This morning, X-Men star Sophie Turner revealed she will appear on The Late Late Show with James Corden tonight to debut the first trailer for the latest X-Men film, next year’s Dark Phoenix. Interestingly, the announcement on Turner’s Instagram account appears to confirm that the film will lack the “X-Men” moniker altogether in its final theatrical title.
Rumors of the sequel dropping “X-Men” from its title began in April when the film’s logo was unveiled at CinemaCon lacking the overt namedrop to Marvel’s Merry Mutants. These rumors were further fueled when a licensing event in Las Vegas the following month saw “X-Men” omitted from a teaser poster. In fact, the poster bears the exact same title and typeface as the trailer teaser released this morning on Turner’s Instagram, and then later, on the final poster which followed swiftly after the teaser’s reveal.
The title change is an unusual branding move for Fox, given the name recognition the X-Men franchise carries worldwide; even 2009’s inaugural Wolverine solo film linked the prequel to the main franchise with the title X-Men Origins: Wolverine. Reducing the title simply to “Dark Phoenix” may create added pressure for the studio to ensure less comic book-savvy audiences are aware it’s an X-Men film, a move that will presumably be achieved by augmenting the visibility of its returning ensemble cast.
In fact, the omission of “X-Men” from the final title could be a strategic branding move in it of itself. The previous film in the franchise to carry the moniker was 2016’s X-Men: Apocalypse, and while it was technically a commercial success, the film performed well below the studio’s expectations, earning 27% less at the global box office than 2014’s X-Men: Days of Future Past, and garnering a mixed reception from fans and critics alike. The reduced title could be an attempt by the studio to distance itself from the last X-Men ensemble film, taking cues from more successful spinoffs that have been released in the interim.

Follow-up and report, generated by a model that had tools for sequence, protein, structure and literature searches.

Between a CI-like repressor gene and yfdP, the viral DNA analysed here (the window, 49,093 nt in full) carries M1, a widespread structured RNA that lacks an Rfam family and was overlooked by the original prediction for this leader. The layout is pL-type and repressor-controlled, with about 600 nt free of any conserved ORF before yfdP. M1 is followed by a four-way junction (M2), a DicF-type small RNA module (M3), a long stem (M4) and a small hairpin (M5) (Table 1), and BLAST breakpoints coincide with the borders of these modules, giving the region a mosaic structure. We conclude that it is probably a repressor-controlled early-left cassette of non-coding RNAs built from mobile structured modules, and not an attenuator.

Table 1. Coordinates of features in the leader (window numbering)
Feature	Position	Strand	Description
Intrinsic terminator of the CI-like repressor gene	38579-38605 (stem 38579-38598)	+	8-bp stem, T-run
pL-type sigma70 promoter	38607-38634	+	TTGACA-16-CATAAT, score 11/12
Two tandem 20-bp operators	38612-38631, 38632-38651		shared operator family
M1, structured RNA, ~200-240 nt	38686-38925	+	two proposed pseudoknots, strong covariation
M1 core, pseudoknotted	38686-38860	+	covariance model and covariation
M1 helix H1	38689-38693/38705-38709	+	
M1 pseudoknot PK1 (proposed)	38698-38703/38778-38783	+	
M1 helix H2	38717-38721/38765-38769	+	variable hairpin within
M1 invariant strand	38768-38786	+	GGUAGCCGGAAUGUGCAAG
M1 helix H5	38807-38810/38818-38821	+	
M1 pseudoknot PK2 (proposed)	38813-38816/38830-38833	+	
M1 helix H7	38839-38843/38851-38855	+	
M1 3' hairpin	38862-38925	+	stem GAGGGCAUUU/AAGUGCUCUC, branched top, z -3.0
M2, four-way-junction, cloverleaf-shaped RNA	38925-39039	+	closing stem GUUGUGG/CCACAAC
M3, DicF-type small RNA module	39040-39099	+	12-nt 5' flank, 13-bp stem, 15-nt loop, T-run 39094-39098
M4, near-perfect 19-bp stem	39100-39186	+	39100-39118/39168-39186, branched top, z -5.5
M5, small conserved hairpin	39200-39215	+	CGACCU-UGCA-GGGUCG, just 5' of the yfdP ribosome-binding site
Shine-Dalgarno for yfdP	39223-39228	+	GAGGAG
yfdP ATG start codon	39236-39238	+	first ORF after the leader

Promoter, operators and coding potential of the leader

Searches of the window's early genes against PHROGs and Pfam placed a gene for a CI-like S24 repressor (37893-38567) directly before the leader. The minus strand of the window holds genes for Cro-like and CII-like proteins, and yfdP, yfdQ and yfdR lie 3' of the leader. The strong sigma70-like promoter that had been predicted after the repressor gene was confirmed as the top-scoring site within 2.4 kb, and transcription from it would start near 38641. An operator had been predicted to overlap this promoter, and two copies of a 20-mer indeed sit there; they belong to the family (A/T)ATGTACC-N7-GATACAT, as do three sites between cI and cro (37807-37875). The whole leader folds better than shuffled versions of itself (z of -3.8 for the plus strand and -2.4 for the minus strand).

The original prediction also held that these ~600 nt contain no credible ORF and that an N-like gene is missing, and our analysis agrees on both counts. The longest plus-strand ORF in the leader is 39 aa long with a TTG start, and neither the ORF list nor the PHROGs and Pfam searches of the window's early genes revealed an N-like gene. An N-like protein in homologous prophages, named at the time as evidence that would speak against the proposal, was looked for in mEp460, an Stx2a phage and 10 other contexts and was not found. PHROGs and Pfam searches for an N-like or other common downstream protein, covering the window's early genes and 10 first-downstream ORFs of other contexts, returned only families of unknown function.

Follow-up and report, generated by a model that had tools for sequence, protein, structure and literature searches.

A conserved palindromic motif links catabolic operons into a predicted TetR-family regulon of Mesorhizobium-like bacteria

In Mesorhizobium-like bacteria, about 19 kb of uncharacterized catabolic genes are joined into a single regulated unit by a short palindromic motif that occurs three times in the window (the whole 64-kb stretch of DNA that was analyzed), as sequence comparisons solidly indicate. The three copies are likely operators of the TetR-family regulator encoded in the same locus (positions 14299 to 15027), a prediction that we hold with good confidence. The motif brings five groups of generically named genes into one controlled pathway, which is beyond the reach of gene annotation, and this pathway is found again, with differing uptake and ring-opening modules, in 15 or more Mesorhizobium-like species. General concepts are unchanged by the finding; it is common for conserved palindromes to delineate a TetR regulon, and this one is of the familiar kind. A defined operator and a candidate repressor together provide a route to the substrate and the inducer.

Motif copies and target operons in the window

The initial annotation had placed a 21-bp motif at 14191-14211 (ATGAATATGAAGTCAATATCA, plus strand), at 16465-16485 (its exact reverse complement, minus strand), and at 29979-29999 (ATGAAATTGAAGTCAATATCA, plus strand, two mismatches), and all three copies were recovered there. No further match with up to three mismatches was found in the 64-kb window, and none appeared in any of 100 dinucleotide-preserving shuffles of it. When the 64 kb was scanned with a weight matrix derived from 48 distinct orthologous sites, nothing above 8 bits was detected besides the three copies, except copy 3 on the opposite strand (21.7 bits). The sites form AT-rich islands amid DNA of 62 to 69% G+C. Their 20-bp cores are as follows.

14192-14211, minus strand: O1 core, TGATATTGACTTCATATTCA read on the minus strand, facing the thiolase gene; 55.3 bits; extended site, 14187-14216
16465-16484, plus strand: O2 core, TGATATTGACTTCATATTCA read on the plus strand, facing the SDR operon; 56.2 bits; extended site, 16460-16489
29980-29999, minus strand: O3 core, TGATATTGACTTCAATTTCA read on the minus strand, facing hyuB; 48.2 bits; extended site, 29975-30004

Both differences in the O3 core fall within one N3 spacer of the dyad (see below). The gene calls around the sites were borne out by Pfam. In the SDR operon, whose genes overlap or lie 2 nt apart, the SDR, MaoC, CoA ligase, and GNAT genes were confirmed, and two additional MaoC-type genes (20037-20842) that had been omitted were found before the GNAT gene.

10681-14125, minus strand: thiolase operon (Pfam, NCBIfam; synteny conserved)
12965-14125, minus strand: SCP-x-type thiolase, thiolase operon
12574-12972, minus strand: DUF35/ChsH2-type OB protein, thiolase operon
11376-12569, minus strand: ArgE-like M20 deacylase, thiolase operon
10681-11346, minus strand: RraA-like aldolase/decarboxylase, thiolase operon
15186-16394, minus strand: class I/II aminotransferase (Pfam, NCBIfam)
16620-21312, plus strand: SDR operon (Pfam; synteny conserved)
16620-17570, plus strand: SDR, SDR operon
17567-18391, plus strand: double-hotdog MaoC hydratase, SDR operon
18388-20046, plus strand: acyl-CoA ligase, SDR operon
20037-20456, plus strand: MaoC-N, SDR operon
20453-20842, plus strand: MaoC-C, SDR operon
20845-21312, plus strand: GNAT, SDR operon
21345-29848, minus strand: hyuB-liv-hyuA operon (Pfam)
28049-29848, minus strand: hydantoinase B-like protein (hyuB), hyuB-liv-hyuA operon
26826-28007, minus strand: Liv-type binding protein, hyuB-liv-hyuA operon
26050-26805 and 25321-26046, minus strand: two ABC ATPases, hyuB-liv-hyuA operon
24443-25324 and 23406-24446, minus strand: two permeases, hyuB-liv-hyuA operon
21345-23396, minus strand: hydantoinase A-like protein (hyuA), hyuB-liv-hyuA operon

Outside of the main series, Fox has released five spinoff films, and the most recent four haven’t included “X-Men” in the title at all. 2013’s The Wolverine was the first spinoff to drop “X-Men” from its title, and it significantly outperformed its 2009 predecessor both commercially and critically. 2016’s Deadpool became an instant hit with audiences, going on to become the highest-earning X-Men film to date. Last year’s Logan went one step further, dropping any reference to the X-Men and Wolverine in its title completely, and going on to box office success and widespread critical acclaim, including an Academy Award nomination.
The commercial and critical success of the X-Men spinoffs despite lacking “X-Men” in most of their titles has given Fox the confidence to streamline the titles of their films moving forward, evident both in February’s Dark Phoenix and August’s The New Mutants, itself a riskier move given that the film features entirely new characters unlike Logan or Dark Phoenix. And given the impending acquisition of the entire franchise by Disney to take effect by next summer, there may never be a Fox-produced X-Men film to carry the “X-Men” name in its title ever again.
Written and directed by franchise veteran Simon Kinberg, X-Men: Dark Phoenix stars Sophie Turner as Jean Grey, James McAvoy as Charles Xavier, Michael Fassbender as Magneto, Jennifer Lawrence as Mystique, Nicholas Hoult as Beast, Alexandra Ship as Storm, Tye Sheridan as Cyclops, and Kodi Smit-McPhee as Nightcrawler. It is scheduled to open in theaters on February 14, 2019.
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